By Sen. Matt Rosendale
I spent nearly all of last week either traveling to or participating in meetings in Helena. Sept. 23 the School Funding Interim Commission (SFIC) met to start working on the ten year update for K-12 funding. Sept. 24-25 my regular interim committee (Education and Local Government-ELG) met.
It was the first meeting for the SFIC so we elected a chairperson, adopted rules and agreed upon a basic outline of work. The K-12 funding is a large part of the state’s total budget, roughly $1.5 billion annually out of the $5 billion, and consist of a multitude of complex calculations to determine exactly how much each school and district will receive. Our state constitution mandates equity throughout the entire system which places thresholds not only for minimum investments, but for maximum expenditures by individual districts. With over 400 school districts across the state ranging in size from a few students to thousands of students, this becomes very difficult to achieve.
The next meeting will focus on four main areas: Special Education, Recruitment and Retention of Teachers and Other Staff, District Boundaries and Isolated Rural Schools and, finally, Capital Projects. Several other issues will be put in a survey to be judged by the committee members and prioritized for future consideration.
Fortunately, several members from the SFIC serve on the ELG interim committee. This gives us the ability to schedule these meetings back to back eliminating double travel time. It also allows us to share some of the pertinent information easily between the groups, and shift some of the workload from one committee to the other. The SFIC has the added benefit of including several citizen members which add a whole new perspective. Renee Rasmussen, Superintendent from Bainville, is one of the public members and it is great to have her input and perspectives.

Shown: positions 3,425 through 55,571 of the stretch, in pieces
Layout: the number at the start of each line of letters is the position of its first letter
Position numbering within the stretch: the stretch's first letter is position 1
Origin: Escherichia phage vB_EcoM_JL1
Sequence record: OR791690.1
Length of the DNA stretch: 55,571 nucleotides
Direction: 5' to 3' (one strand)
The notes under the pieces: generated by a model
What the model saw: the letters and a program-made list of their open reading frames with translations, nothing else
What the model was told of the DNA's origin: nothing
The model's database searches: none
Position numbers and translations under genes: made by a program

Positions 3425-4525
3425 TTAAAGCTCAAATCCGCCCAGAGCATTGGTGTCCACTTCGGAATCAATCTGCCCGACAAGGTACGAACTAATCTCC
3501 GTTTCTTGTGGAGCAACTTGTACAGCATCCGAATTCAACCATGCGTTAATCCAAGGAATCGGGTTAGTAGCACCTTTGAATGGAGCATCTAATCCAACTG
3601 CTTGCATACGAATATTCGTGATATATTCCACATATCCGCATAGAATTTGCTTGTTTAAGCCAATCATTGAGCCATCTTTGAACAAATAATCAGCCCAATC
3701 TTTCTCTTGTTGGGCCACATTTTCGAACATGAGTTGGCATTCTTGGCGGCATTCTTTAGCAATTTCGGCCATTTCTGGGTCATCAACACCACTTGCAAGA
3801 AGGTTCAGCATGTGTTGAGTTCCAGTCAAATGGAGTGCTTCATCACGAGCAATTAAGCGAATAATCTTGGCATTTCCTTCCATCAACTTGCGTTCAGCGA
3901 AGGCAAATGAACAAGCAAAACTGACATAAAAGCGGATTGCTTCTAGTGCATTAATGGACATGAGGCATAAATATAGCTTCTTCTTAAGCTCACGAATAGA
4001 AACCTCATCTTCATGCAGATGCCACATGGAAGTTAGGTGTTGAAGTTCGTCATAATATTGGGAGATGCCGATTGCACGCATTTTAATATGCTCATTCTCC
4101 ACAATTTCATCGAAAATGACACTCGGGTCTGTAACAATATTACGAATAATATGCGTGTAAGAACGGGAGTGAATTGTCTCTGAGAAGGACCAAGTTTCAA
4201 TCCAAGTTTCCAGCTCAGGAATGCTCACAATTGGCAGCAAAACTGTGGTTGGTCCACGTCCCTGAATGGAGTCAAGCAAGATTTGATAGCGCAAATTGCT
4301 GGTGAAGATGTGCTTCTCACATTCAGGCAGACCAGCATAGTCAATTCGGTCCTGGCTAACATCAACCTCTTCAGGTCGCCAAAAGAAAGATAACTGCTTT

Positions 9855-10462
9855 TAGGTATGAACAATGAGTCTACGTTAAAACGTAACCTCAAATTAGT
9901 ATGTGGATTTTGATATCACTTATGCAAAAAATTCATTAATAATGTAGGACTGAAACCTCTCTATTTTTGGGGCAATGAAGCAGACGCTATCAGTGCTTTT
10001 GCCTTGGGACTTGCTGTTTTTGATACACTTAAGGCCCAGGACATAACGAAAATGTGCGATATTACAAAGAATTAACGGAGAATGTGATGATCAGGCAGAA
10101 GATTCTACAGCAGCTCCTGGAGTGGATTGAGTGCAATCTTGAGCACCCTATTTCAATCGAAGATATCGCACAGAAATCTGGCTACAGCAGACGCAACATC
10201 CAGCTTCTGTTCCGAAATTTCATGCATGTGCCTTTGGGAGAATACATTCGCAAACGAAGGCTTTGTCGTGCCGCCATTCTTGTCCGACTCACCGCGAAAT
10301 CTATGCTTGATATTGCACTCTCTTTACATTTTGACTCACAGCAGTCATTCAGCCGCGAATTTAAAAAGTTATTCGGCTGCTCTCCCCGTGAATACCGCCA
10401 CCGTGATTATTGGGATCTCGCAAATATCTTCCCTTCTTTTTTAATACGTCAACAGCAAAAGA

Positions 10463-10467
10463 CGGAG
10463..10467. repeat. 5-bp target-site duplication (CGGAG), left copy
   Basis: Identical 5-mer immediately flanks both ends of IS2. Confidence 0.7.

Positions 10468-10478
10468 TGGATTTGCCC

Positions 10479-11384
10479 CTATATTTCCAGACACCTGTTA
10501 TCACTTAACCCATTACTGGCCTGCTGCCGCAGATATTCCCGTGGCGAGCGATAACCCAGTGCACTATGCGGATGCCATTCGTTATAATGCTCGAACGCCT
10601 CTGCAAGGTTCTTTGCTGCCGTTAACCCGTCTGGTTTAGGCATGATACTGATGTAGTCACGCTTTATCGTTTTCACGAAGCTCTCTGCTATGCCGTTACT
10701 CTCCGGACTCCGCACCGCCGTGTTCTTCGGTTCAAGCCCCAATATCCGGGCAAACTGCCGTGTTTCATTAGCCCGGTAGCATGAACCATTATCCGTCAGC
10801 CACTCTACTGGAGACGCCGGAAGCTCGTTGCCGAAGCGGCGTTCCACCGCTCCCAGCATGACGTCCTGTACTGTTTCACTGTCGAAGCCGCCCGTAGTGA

It was brought to the attention of the Education and Local Government (ELG) interim committee that the Office of Public Instruction had been appropriating funds (ANB) to certain school districts for students under the age of five. While this is allowed under statute for specific and limited circumstances, it is supposed to be rare. The Legislature made it very clear during the 2015 session that it had no desire to fund pre-school programs across the entire state. Many in the committee saw this as an attempt by the Office of Public Instruction to manipulate the interpretation of the statute in an attempt to implement statewide pre-school in direct contradiction to legislative intent. When a request was made to the department to provide information to the committee as to which schools were receiving these funds and how many students (under the age of five) they were receiving these funds for, the department could not, or would not, provide the information. We are still waiting for this information and I will continue to press the department until it is received.
Lastly, the Department of Revenue just provided a forecast which shows the state is projecting an ending fund balance of about $455 million. This is approximately $100 million more than what the governor arbitrarily has required that we leave in the bank. With a dramatic increase in the property taxes of many of our residences, and failing infrastructure everywhere we look, one could only hope that the governor would direct some of those funds into vital infrastructure which would benefit the economy and provide some relief to the most vulnerable in our communities on fixed incomes. I’m afraid the distance from the banks in Helena to the needs of eastern Montana is too great for us to receive any investment under this administration.
The good news is that we have a very dedicated and united group of legislators from around the state who are working very hard to direct some of these excess funds into true vital infrastructure projects which will benefit our communities and our state.
As always, I may be reached at: mattrosendale@midrivers.
com or 406-687-3549.